18.     The respondent swore a supplemental affidavit dated 24th June, 2021 in which he avers that his previous affidavit should have indicated that in 2008, he was in Poland for more or less 3 months and that he was there over the summer months of 2008, or something in the region of 3 months. As regards the address 97/14 Dluga Street, Walbrzych, he avers that was the address of his former family home as per his national identity card but neither he nor any of his family had lived there since 2006. He once again avers that he did not provide that address to the Polish police. As regards the address 101/10 Broniewskiego Street, Walbrzych, he avers that is his grandmother’s address and that he stayed there for the duration of his stay in Poland in 2008. He avers that when questioned by the police, he would have told the police that he was staying at that address and that it was his grandmother’s address. He denies that he positively or actively provided his grandmother’s address for service of court documentation or summonses and he did not expect to receive any notification of same at her address. He states that he has no recollection of being advised of a mandatory obligation to inform the police if he was changing address for longer than 7 days. He states that he remained in Poland for approximately 3 weeks following questioning by the police and then travelled to England. He states that his grandmother never indicated that the police called to her address looking for him and that she would have told him had they done so.

19.     By additional information dated 8th July, 2021, the issuing judicial authority indicates that during his interrogation on 22nd June, 2008, the respondent was informed of his rights and obligations and of Article 75 of the Polish Code of Criminal Procedure, which provides that an accused is obliged to inform the prosecuting agency of every change of address or stay lasting longer than 7 days. A copy of the minutes of interrogation is enclosed which expressly states that the suspect was advised of his rights and obligations, including Articles 74 and 75 of the Polish Code of Criminal Procedure. It is also expressly recorded that the suspect, i.e. the respondent herein, provided personal details including the two addresses already referred to herein.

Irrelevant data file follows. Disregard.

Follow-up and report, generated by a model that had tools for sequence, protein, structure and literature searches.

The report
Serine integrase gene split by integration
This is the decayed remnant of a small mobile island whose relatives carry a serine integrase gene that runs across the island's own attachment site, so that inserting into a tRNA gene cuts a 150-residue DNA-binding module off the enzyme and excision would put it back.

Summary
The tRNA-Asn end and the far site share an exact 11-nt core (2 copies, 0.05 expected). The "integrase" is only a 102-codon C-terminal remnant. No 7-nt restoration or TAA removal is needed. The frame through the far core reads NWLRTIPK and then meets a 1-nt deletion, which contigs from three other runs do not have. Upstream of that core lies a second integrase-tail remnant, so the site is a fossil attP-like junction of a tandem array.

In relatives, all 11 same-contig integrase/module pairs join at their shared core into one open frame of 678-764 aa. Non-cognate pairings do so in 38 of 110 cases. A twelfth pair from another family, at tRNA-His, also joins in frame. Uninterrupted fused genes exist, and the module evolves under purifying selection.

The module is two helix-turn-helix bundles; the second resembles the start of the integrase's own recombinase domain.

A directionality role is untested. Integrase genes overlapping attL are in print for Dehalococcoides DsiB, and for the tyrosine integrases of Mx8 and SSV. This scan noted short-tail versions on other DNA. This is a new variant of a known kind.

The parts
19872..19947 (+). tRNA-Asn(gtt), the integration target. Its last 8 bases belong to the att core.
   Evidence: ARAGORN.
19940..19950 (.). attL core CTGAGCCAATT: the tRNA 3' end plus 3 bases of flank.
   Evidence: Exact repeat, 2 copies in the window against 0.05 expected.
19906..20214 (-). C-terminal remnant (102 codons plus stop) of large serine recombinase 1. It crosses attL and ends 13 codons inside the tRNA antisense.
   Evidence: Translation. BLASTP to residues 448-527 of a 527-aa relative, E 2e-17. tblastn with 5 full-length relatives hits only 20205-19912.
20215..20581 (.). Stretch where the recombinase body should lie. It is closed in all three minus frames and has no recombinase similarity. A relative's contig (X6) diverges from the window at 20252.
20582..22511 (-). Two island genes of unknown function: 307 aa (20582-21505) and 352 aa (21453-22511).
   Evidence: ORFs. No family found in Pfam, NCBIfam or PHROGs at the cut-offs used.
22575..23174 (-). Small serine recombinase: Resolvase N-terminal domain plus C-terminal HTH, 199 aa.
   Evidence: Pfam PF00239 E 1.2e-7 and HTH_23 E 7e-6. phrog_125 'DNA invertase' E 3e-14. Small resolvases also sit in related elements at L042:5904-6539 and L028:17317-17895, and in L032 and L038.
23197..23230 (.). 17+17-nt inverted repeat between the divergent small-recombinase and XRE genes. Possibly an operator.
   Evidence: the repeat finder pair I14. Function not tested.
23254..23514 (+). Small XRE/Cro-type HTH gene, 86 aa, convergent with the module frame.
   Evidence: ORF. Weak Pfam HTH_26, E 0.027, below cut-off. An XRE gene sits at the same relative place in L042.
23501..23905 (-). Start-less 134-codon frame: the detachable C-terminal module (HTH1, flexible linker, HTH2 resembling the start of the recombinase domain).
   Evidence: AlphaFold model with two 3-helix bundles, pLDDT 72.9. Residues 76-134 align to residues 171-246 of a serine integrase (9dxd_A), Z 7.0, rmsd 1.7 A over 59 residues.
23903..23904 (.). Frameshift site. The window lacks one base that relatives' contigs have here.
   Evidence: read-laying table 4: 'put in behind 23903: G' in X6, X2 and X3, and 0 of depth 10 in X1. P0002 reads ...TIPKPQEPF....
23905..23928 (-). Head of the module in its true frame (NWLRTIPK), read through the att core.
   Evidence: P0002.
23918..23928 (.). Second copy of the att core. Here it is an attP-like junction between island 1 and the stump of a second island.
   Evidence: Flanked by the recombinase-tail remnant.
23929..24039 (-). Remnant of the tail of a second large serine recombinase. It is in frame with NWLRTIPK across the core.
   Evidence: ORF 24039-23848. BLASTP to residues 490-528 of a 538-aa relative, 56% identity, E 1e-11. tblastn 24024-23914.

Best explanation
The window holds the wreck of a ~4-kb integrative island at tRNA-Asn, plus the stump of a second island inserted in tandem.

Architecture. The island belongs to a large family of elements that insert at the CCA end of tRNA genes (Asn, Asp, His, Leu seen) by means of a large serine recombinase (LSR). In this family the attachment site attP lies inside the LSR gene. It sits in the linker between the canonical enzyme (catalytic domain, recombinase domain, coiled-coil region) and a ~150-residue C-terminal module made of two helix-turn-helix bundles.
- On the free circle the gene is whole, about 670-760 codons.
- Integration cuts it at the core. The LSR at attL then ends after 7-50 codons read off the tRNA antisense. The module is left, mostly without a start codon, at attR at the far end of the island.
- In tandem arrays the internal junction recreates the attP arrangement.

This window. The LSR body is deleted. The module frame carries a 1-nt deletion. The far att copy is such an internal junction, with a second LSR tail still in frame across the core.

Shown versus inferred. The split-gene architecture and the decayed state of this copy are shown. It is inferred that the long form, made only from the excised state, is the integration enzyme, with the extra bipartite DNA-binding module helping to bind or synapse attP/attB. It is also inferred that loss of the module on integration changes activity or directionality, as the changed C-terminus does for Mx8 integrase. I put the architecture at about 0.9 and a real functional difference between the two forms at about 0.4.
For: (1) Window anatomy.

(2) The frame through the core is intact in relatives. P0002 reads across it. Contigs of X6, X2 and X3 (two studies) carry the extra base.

20.     In a second supplemental affidavit dated 21st July, 2021, the respondent avers that he was involved in a road traffic accident on 20th January (sic.), 2008 whilst drink-driving and required hospital treatment for facial bruising. He avers that he was detained for 2 nights in police custody and on 22nd June, 2008 he was brought before a prosecutor. He avers that he recalls signing the minutes of interrogation but that he was not specifically told about his obligation to notify of change of address and he did not read the “